It is very easy to tell the genuine specimens from the Chinese “reproductions” although Tibetan sky burials still occur and skulls are still used for kapalas(ritual use drinking cups) or decorative tourist pieces this doesn’t make them “fake” as such as long as they are not sold as antique pieces
        These artifacts are still genuine Tibetan ritual pieces,just not antiques
        The rare and very hard to find(thus collectable) carved skulls are called “Yama “skulls, these are much older,and I personally have never seen them decorated with the seemingly obligatory metalwork ,dragons on cheekbones,lots of tiny metal skulls etc and quite often marbles for eyes!!
        I have been studying,photographing and cataloging these for about 30 years so any information that you would like that I feel able to give you don’t hesitate to email me
        Take care and happy skull collecting

      • Avatar
        Erudite Birdy says:

        When you post horrible things like you did, you don’t have any right to criticize others about anger.

        This is part of your post I find offensive.
        You can disagree without posting things like this.

        “a “dude named Klemens Hartl” (which is me, you anonymous cunt) contributing to human rights violation or genocide. These claims only show that you are full of hatred while knowing nothing about that special subject in particular. Stupid asshole.”

        • Avatar
          Klemens Hartl says:

          If you find that horrible you might be on the wrong page? The internet offers trillions of thngs to check out and you chose the thing you are offended by. You mght want to talk to a doctor about that.
          You tell me I don’t have the right to criticize, but at the same time you take that right for yourself and criticize me?
          You are obviously quite arrogant and self centered. Another example of that is that you talk about how illegal that is in some states of the USA. This piece is part of an Austrian based collection, no one cares about the laws in your country. Would be the same if some African guy would be offended and saying this is illegal in Somalia.
          Maybe you should finally accept that you can’t impose your moral standards on the rest of the world. You try that by bombing other countries, but you cant bomb the internet. It’s still free here. So use the internet for your enjoyment, and if you see something you don’t like but others enjoy, feel free to go somewhere else.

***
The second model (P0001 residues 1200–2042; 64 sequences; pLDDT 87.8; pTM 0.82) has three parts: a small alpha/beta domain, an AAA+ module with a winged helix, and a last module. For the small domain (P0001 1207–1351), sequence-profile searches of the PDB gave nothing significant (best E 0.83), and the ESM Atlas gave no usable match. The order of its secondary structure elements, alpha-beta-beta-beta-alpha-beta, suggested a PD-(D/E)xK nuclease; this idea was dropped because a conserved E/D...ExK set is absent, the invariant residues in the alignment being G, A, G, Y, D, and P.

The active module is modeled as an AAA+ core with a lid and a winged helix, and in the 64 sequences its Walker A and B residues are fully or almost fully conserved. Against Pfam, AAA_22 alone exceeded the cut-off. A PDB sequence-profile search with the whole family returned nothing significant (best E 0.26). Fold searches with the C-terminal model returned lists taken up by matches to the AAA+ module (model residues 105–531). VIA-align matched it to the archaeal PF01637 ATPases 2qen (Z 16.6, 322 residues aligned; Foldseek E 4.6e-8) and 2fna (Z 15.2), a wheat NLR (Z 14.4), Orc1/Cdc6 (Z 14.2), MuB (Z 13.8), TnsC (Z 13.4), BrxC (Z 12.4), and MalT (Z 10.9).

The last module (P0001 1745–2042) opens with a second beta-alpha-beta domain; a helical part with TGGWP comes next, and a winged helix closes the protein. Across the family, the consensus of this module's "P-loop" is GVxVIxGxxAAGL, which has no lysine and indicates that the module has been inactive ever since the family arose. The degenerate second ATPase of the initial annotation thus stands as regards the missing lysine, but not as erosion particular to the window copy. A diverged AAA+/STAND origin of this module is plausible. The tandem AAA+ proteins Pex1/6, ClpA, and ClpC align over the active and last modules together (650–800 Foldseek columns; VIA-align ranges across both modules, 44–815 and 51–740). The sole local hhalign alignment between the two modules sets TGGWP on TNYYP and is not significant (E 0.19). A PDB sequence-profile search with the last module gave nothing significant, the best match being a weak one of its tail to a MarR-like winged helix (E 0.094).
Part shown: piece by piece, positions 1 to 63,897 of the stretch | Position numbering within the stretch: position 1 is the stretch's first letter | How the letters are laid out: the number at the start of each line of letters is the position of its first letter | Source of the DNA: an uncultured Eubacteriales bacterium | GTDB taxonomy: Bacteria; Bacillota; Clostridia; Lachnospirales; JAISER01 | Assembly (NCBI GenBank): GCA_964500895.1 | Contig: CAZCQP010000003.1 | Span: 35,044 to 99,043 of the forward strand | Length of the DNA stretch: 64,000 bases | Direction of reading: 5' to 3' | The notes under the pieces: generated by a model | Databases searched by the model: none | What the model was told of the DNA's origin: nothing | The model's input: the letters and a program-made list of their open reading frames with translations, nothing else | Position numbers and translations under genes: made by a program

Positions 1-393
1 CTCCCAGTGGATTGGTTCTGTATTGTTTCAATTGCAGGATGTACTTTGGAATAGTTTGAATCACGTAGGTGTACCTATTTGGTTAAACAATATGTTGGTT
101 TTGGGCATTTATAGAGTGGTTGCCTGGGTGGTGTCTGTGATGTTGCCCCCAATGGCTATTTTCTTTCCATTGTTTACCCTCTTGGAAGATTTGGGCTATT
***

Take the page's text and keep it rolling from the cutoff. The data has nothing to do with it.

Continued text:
• Avatar
            Leigh Sherlock says:

            Anyone interested in a fantastic beautify carved Yama skull any authentication welcomed
            V&A museum London are good as are the Pitt rivers people anyone interested my email is leigh.sherlock at yahoo.co.uk
            I also have some other very unusual bits and inn selling my collection as my divorce has unfortunately taken my house,what’s the good of a collection without a house !

  4. Avatar
    SONIA says:

    Dear Collectors of The Unusual,
    *We are pleased to offer you this Incredible and Rare Tibetan Kapala.*

    *Amazing detail & workmanship! Perfect condition!*

    *Great patina!*
    *Provenance:* Old family collection formed in the 1960’s.
    *Price 4,000 USD*

    contact::: soniabrito44@gmail.com

  5. Avatar
    Edniaën says:

    Human bones are regularly used in the rituals of Tibetan Vajrayana Buddhism, and of all Tibetan customs, none has attracted more attention than the use of human skulls for practical and religious purposes. A whole decorated skull is called a ‘yama’ (which is also the name for the Hindu and Buddhist god of death), while a partial decorated skull is called a ‘kapala’, or a skull cup, which is made out of the upper half of the human skull. Yamas may have been carved to take a curse off a family, or to guide a misled soul onto the right path, while kapalas were used in Tibetan monasteries as offering bowls, symbolically holding dough cakes or wine to represent blood and flesh offerings to the gods. Kapalas are also associated with rituals where the user employs the cup to help reach spiritual enlightnment. Skull cups are tradiationally lined with pewter or tin, decorated with silver, brass and gems, and the bone is ornately carved with Tibetan symbols.